A subset of people who have bipolar depression appear to benefit from antidepressants. This happens when they are combined with mood stabilizers or atypical antipsychotics for bipolar depression. However, in general this is not considered a first-line strategy.
When you add antidepressants to adjuvant mood stabilizers or atypical antipsychotics, the risk of treatment-emergent affective switch is similar to placebo in the short-term.
You should avoid antidepressants:
- in people who have a history of antidepressant-induced mania or hypomania.
- for those with recent rapid cycling.
- for those with current mixed features.
- as monotherapy for people with Bipolar I disorder.
Learn more about common myths around SMI and psychopharmacology. See our infographic on this topic.
- Gitlin MJ. Antidepressants in bipolar depression: an enduring controversy. International journal of bipolar disorders. 2018;6(1):25.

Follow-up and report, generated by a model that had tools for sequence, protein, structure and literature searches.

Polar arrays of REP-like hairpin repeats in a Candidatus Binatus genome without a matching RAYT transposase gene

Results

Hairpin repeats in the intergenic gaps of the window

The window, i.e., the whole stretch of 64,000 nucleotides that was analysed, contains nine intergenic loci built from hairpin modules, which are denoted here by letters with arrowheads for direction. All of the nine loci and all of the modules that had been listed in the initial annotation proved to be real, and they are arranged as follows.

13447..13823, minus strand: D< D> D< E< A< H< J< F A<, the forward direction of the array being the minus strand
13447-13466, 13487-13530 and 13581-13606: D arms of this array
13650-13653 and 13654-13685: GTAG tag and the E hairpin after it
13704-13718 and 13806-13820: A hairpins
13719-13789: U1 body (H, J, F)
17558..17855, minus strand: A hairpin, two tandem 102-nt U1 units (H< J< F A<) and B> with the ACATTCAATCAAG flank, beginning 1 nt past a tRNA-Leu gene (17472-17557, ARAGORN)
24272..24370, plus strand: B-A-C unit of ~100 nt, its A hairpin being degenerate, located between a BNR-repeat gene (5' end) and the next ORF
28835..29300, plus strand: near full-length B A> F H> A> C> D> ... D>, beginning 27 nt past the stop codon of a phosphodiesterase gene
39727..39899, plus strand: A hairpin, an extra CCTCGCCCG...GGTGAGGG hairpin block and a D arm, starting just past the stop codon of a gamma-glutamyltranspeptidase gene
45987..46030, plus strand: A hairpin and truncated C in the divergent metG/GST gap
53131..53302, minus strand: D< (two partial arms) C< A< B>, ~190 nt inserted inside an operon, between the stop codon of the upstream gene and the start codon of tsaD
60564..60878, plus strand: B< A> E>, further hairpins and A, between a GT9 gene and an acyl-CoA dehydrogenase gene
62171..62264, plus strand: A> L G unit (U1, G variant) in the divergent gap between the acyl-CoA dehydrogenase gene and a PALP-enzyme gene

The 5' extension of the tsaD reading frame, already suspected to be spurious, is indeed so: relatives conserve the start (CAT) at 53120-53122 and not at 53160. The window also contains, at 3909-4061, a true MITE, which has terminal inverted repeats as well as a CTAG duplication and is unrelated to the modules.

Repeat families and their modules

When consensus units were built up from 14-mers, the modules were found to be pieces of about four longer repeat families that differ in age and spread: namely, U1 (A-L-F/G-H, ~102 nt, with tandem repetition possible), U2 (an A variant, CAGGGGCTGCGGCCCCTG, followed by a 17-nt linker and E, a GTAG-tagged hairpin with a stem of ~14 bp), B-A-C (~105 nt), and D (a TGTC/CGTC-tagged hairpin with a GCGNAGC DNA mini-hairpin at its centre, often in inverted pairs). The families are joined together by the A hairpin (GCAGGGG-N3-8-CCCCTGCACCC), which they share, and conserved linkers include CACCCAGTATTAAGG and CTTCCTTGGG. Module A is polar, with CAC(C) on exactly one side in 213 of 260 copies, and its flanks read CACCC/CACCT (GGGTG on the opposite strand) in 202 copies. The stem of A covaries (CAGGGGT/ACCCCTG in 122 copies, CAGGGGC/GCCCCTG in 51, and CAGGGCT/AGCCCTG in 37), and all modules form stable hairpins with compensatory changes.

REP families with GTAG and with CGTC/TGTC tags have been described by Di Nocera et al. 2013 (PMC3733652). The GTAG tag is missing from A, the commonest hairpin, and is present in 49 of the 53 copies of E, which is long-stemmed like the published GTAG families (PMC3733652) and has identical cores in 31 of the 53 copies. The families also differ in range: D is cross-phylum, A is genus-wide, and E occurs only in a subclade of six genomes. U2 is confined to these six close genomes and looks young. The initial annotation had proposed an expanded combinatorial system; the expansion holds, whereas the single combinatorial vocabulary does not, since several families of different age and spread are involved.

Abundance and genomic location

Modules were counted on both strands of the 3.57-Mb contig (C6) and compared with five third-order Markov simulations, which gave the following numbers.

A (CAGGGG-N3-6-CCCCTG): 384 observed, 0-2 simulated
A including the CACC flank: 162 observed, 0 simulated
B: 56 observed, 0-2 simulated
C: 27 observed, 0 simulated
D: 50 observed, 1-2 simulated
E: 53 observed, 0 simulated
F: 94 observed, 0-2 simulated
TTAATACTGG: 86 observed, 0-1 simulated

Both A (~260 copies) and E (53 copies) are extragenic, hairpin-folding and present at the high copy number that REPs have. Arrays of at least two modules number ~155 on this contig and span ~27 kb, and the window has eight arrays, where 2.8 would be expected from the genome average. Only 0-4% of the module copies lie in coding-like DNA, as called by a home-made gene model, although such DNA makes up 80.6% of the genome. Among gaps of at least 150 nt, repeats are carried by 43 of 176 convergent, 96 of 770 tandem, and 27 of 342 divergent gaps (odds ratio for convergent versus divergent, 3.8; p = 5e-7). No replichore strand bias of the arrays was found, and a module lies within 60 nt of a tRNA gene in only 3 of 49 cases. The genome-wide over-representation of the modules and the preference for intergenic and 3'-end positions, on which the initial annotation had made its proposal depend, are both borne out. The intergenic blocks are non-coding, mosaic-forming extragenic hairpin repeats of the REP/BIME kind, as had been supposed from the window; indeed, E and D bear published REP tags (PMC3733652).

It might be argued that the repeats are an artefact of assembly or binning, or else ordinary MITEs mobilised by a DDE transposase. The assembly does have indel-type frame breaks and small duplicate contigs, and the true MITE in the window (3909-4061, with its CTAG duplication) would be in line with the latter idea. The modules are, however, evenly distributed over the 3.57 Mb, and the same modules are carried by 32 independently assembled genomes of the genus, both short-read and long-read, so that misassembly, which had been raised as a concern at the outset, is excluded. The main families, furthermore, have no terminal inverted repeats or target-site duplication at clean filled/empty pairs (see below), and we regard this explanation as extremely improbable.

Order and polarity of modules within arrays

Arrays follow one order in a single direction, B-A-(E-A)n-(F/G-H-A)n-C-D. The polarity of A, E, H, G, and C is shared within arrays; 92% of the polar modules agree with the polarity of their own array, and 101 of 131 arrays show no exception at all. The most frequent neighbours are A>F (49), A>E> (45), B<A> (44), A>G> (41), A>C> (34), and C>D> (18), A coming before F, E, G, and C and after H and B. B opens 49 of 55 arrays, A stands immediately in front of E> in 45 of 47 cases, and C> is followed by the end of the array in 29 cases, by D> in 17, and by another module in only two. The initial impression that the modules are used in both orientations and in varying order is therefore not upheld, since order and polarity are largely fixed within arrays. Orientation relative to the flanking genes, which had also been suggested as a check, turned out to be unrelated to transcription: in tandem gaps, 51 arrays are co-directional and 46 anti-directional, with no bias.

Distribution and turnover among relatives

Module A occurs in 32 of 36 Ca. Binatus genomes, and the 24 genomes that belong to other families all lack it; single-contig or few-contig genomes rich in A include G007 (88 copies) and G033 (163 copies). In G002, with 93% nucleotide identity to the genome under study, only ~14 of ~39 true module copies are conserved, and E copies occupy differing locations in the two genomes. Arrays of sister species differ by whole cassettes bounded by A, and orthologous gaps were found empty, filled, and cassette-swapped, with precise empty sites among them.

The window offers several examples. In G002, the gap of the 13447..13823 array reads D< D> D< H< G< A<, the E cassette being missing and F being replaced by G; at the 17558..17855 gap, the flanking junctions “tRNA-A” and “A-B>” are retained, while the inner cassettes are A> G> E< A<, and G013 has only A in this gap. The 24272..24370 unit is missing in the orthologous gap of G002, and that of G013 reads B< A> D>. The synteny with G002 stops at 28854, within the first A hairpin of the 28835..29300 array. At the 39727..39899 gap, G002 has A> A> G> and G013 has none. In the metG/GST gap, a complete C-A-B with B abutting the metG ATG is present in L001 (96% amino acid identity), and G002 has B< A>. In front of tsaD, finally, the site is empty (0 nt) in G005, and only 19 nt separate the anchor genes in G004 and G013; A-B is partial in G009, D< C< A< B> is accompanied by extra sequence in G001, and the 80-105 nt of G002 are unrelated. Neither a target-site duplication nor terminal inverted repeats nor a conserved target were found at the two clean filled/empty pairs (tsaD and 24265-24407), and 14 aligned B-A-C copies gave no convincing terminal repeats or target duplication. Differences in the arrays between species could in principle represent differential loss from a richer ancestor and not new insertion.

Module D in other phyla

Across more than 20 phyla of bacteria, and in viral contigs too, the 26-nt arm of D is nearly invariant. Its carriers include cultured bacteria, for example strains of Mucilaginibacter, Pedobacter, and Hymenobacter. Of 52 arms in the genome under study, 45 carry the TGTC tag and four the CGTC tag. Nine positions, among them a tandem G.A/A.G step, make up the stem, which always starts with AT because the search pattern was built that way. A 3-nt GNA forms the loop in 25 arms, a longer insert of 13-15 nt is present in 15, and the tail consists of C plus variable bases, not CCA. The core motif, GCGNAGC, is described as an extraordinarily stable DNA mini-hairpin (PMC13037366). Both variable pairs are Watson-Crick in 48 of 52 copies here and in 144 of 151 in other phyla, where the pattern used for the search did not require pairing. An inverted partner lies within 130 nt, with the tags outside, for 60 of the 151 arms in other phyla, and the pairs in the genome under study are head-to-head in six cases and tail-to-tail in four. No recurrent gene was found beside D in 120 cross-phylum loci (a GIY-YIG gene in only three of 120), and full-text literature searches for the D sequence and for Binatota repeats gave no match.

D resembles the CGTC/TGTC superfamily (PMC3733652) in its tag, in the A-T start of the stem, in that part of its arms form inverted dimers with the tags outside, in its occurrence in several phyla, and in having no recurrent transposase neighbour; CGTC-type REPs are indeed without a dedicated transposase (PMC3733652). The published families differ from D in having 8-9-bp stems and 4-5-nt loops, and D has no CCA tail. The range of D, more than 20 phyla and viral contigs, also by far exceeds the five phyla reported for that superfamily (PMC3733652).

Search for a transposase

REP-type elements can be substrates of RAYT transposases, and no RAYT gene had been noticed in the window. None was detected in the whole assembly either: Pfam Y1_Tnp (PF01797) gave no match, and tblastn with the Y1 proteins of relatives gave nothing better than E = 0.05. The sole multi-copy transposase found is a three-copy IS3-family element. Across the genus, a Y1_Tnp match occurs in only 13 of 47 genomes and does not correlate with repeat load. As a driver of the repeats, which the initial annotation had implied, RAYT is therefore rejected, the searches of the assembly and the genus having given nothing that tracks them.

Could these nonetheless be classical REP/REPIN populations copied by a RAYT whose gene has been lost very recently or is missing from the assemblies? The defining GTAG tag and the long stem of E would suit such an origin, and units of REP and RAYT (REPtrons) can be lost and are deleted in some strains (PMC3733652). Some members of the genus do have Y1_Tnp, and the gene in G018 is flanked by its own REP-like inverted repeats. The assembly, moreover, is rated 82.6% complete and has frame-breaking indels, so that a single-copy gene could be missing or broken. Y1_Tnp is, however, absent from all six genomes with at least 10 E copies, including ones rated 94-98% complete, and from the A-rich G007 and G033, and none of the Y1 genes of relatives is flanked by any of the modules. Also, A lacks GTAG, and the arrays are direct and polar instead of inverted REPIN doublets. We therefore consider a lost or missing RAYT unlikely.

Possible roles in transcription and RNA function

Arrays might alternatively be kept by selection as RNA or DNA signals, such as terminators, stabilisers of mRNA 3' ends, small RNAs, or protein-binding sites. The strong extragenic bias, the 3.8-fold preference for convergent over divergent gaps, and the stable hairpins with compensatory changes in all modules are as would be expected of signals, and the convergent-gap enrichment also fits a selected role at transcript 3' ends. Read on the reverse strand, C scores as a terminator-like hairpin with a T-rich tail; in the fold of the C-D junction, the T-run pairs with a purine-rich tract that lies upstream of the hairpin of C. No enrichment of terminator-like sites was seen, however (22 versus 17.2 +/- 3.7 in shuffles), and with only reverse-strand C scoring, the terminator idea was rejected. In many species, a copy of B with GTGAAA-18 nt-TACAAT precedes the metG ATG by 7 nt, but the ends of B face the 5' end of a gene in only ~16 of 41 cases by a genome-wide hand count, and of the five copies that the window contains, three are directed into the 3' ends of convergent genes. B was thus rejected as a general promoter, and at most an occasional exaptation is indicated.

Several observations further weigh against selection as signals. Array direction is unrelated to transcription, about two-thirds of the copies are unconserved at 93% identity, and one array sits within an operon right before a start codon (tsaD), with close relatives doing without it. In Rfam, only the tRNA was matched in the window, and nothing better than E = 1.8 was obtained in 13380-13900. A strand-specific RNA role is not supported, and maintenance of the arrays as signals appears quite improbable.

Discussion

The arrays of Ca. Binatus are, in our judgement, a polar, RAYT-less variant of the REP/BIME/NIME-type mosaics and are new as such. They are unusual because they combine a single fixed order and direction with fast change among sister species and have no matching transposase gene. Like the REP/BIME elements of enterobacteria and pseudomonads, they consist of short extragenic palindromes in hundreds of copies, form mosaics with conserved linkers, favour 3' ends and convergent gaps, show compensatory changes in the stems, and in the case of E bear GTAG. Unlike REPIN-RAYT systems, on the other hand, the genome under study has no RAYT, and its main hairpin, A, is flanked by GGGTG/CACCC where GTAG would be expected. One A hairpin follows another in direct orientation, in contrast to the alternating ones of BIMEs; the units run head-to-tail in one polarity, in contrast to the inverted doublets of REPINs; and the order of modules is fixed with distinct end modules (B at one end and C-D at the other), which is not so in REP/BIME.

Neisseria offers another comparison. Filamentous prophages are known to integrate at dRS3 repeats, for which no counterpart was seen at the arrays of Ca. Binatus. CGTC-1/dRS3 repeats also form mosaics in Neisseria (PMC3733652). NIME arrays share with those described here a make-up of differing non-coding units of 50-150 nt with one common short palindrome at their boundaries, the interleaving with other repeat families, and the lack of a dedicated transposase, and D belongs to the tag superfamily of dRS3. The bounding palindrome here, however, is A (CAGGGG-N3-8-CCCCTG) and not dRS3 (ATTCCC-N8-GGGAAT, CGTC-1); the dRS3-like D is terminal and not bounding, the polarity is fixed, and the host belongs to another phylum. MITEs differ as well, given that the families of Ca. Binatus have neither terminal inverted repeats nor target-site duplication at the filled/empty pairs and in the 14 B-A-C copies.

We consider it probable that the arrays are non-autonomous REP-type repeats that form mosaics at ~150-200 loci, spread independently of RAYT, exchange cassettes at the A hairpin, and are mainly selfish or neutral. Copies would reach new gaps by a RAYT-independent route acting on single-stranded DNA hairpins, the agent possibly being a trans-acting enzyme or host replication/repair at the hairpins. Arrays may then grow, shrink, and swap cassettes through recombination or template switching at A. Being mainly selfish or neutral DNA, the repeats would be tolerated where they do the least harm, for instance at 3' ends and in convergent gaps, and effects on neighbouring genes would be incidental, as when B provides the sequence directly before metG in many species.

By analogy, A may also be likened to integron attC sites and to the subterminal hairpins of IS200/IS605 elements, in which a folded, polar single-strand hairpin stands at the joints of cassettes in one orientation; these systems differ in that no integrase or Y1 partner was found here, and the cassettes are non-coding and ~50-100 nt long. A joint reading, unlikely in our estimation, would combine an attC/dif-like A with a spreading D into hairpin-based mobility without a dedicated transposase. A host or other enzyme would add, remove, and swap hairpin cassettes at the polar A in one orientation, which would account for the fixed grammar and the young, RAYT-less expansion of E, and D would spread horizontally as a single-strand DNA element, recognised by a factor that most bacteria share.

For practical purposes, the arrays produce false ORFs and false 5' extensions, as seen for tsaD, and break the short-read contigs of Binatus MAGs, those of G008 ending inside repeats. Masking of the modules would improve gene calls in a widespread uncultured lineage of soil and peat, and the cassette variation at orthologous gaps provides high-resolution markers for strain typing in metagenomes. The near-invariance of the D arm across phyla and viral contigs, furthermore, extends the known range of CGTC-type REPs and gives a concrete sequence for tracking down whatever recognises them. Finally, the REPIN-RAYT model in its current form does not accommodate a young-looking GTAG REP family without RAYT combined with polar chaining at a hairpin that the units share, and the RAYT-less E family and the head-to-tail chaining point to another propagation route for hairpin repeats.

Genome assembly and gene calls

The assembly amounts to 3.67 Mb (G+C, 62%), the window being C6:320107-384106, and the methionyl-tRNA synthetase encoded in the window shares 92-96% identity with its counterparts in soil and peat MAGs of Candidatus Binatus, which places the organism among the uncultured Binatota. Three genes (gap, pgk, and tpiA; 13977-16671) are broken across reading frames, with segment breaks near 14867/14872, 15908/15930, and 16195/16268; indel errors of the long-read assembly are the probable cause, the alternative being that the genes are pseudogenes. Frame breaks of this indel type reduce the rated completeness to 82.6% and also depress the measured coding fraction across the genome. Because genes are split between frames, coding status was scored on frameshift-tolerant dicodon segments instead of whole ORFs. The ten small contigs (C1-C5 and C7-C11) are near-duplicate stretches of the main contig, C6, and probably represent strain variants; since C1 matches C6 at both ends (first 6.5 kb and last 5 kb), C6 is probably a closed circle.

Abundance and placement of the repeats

- Yatham LN, Kennedy SH, Parikh SV, Schaffer A, Bond DJ, Frey BN, et al. Canadian Network for Mood and Anxiety Treatments (CANMAT) and International Society for Bipolar Disorders (ISBD) 2018 guidelines for the management of patients with bipolar disorder. Bipolar Disord. 2018;20(2):97-170.
- McGirr A, Vöhringer PA, Ghaemi SN, Lam RW, Yatham LN. Safety and efficacy of adjunctive second-generation antidepressant therapy with a mood stabiliser or an atypical antipsychotic in acute bipolar depression: a systematic review and meta-analysis of randomised placebo-controlled trials. The Lancet Psychiatry. 2016;3(12):1138-46.
- Pacchiarotti I, Bond DJ, Baldessarini RJ, Nolen WA, Grunze H, Licht RW, et al. The International Society for Bipolar Disorders (ISBD) task force report on antidepressant use in bipolar disorders. The American journal of psychiatry. 2013;170(11):1249-62.